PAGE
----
In mid-September, the California Conservation Corps is due to start removing 70 to 80 eucalyptus trees and some cape ivy from Fiscalini Ranch Preserve’s West Ranch in what’s estimated to be a four-to-six week project.
Under the federally funded $90,000 plan administered by the U.S. Fish and Wildlife Service, native trees and plants would replace vegetation being removed.
It’s a scaled down and phased version of an original Cambria Community Services District project that drew objections from people who felt it was too big, among other issues.
The approved and permitted project would be the first phase of the district’s three-year plan. Crews would monitor the completed phase-one project area for a year. Then, if all goes as expected, they’d replant the area with from 25 to 30 species of native riparian plants, according to Ben Boer, the district’s resource manager.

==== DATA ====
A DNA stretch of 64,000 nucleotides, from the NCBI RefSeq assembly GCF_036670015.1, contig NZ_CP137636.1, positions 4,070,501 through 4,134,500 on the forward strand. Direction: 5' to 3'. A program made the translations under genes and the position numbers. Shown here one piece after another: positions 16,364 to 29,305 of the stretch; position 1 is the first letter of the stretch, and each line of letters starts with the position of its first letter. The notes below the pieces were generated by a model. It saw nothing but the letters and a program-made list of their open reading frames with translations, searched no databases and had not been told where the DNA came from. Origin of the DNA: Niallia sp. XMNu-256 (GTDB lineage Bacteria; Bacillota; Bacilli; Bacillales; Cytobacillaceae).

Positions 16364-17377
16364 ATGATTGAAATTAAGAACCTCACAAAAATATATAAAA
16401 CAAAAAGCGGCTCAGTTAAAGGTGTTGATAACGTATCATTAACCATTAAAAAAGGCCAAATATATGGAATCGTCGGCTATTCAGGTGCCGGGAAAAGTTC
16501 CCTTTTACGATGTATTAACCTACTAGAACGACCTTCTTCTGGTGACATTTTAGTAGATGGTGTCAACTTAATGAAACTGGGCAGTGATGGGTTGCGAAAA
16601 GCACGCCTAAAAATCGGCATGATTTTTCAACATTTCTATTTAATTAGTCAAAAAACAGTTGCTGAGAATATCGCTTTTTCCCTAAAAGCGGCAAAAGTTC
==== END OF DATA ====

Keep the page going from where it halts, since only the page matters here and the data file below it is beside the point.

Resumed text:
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The project would affect about a quarter acre near the creek, he said, starting about 150 feet downstream of the Highway 1 bridge at Santa Rosa Creek and continuing approximately 700 feet downstream.
“All the work will be done by hand,” he said. “There’ll be no heavy machinery coming in.”
Much of the residue from the cut-down trees is to be recycled and reused, Boer said. Logs are destined to be used in an erosion control project in a deep gully on Fiscalini Ranch Preserve, above SeaClift Estates. Boer intends to have shorter logs and chips for mulch available to the public.
The blue gum “euc” trees and ivy are not native to this area. The goal of the project is to improve the habitat around Santa Rosa Creek, making it more suitable for steelhead trout and other protected species.